Today, bloggers discuss a study that examines the way the Internet shapes political discourse, the latest prospects for a Hillary Clinton presidential candidacy, and a tabloid scoop on the children of Chernobyl.
Bloggers say the darnedest things:In his 2002 book Republic.com, Cass Sunstein predicted that the Internet might ultimately fragment political discourse by allowing each participant to customize his diet of news and opinion and tune out information that was difficult to swallow. At Crooked Timber, academic Eszter Hargittai has unveiled some preliminary findings from a study designed to test Sunstein's thesis and explore the Internet's effect on "cross-ideological conversations."
Hargittai and two colleagues examined 41 leading blogs, classified as conservative (20) or liberal (21), and mapped the links that appeared on those blogs during three one-week periods over the past year. "Certainly both conservative and liberal bloggers are more likely to link to those who share their political orientation," Hargitti finds, but the results also show considerable cross-ideological linking and no evidence of accelerating fragmentation.
University of Chicago political scientist Daniel Drezner praises the study and highlights the authors' classification of roughly half the "cross-ideological" links as "strawman arguments"—setting up the sucker only to knock him down. Plenty of others agree linking is an imperfect indicator. "I might link to something to be snarky about it, to make jokes about it to my own peeps, but this is not the same as dialogue. I think focusing on comments would be more meaningful," suggests a reader in Crooked Timber's comments. "That is, how often do liberals comment on conservative blogs, and vice-versa?" Other readers criticize the study's simple liberal/conservative dichotomy for failing to adequately represent the political diversity of even the most popular blogs.
At The Decembrist, Mark Schmitt "was pleasantly surprised" to see his own blog included in the study, until he took a look at results that showed him to be the most estranged of all his liberal colleagues. Inspired, he pledges not to be such an outlier in the future.
Read more blog posts about the study here.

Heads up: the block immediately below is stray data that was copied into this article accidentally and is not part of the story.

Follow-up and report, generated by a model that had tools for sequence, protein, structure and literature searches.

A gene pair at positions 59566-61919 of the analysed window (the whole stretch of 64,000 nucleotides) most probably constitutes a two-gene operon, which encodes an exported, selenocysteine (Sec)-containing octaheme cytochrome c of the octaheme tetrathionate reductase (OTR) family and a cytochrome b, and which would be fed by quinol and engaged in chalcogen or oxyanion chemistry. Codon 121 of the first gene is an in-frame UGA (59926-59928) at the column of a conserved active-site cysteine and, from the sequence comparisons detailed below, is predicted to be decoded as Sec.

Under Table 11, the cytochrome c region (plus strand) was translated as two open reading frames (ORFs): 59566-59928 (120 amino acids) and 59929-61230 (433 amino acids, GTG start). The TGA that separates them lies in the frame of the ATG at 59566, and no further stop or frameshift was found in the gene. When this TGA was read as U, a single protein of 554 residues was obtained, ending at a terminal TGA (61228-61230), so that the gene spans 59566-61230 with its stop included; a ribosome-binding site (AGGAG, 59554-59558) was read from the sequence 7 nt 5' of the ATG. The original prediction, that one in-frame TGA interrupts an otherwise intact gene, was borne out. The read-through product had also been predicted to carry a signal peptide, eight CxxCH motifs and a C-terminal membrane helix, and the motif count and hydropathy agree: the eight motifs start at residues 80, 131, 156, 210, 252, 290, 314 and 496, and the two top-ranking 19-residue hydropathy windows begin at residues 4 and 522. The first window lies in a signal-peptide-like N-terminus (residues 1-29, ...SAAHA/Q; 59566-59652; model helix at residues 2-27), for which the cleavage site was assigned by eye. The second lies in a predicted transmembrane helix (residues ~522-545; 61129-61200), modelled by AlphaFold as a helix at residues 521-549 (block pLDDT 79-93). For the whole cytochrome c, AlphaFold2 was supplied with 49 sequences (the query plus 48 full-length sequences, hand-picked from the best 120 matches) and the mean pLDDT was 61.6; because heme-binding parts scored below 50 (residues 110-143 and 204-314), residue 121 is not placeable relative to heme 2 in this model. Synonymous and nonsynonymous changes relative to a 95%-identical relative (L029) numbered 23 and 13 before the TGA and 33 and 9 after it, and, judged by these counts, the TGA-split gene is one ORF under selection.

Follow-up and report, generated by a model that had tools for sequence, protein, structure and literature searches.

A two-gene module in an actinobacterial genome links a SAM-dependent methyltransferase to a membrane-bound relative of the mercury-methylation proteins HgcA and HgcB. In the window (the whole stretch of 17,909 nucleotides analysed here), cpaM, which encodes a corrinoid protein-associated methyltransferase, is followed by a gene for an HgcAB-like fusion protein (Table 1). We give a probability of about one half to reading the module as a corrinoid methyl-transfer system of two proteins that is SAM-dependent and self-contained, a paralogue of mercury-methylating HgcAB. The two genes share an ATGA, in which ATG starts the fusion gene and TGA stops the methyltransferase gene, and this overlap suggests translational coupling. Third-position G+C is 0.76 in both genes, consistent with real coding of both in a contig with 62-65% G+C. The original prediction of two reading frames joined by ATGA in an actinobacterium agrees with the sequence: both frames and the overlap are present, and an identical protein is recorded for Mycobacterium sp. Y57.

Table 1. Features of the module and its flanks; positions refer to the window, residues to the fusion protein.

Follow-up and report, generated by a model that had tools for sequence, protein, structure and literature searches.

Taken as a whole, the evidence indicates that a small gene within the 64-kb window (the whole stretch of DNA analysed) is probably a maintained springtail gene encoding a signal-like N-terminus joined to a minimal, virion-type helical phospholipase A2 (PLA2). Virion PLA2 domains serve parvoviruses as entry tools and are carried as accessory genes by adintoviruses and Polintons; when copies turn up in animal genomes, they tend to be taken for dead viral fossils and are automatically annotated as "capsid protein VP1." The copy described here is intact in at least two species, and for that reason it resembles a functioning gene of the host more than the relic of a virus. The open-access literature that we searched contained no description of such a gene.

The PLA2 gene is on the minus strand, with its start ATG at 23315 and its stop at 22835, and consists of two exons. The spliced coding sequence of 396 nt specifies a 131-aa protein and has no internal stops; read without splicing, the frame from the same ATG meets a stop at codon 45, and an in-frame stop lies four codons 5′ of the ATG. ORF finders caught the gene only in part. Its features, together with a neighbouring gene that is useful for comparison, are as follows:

Don't stop thinkin' about tomorrow: A new CNN/USA Today/Gallup poll has renewed premature frenzy—on both sides of the aisle—about a possible Hillary Clinton presidential candidacy. A majority of respondents to yesterday's poll said they were either "very likely" or "somewhat likely" to cast a vote for the New York senator in 2008. More than half had a favorable view of Clinton, while 39 percent reported an unfavorable view. CNN suggests the poll sends "mixed messages" to the divisive politician.
"I'm not sure what's mixed about the message," writes ManDrake at personal blog Daffodil Lane. "Without any campaigning at all Hillary has increased her popularity nationwide for a Presidential bid." At SAMerican revolution, cautious liberal Sam E. Lucas agrees. "Of course it is WAY too early for us to feel confident in these numbers … but I don't mind saying I got a little giddy when I saw this. Just the thought that it is possible gives me goosebumps," he writes. "She is historically a polarizing figure, to be sure, but if she wins re-election to the Senate by a significant margin in 2006, continues to earn the respect of her Senate colleagues, and works to be a leader in the party while building bridges with moderates who once viewed her with disdain, then she will be in a good spot when primary season begins in two years."
"Curb your enthusiasm," advises conservative lawyer John Hinderaker at Power Line, criticizing the methodology of the poll. "The fact that 53% of poll respondents will, in the abstract, seriously consider voting for any given Democratic candidate for President is hardly surprising, especially when the poll is taken over a weekend, and is not, I suspect, a survey of likely voters," he writes. "On the whole, this isn't an especially impressive poll performance. I think it's true that some voters have forgotten why they ultimately found Mrs. Clinton so annoying. But if she runs in '08, they may be reminded." At Transterrestrial Musings,Rand Simberg agrees, speculating that a Clinton candidacy couldn't survive the inevitable blogging onslaught.
Read more about Hillary's chances in 2008.
Scams of the nuclear age: "The Chernobyl nuclear disaster has spawned a generation of 'mutant' super-brainy children," reports Britain's gossipy Sun. According to a Russian professor, children who have grown up in areas affected by radiation from the 1986 meltdown "have a higher IQ and faster reaction times."
"Maybe those hundreds of SF stories I read back in the '50s weren't so far off the mark, after all," writes Texan and novelist Bill Crider, who joins most bloggers in being charmed but not convinced. At science and technology superblog Boing Boing, Ben Garvey provides some visual (and somewhat gruesome) counterevidence, while Cory Doctorow adds: "To be clear -- the interesting thing about this story isn't the possibility that it's true. It clearly isn't. It's that there are doctors participating in a Big Lie regarding the ongoing tragedy of Chernobyl."
Read more about the Sun scoop.
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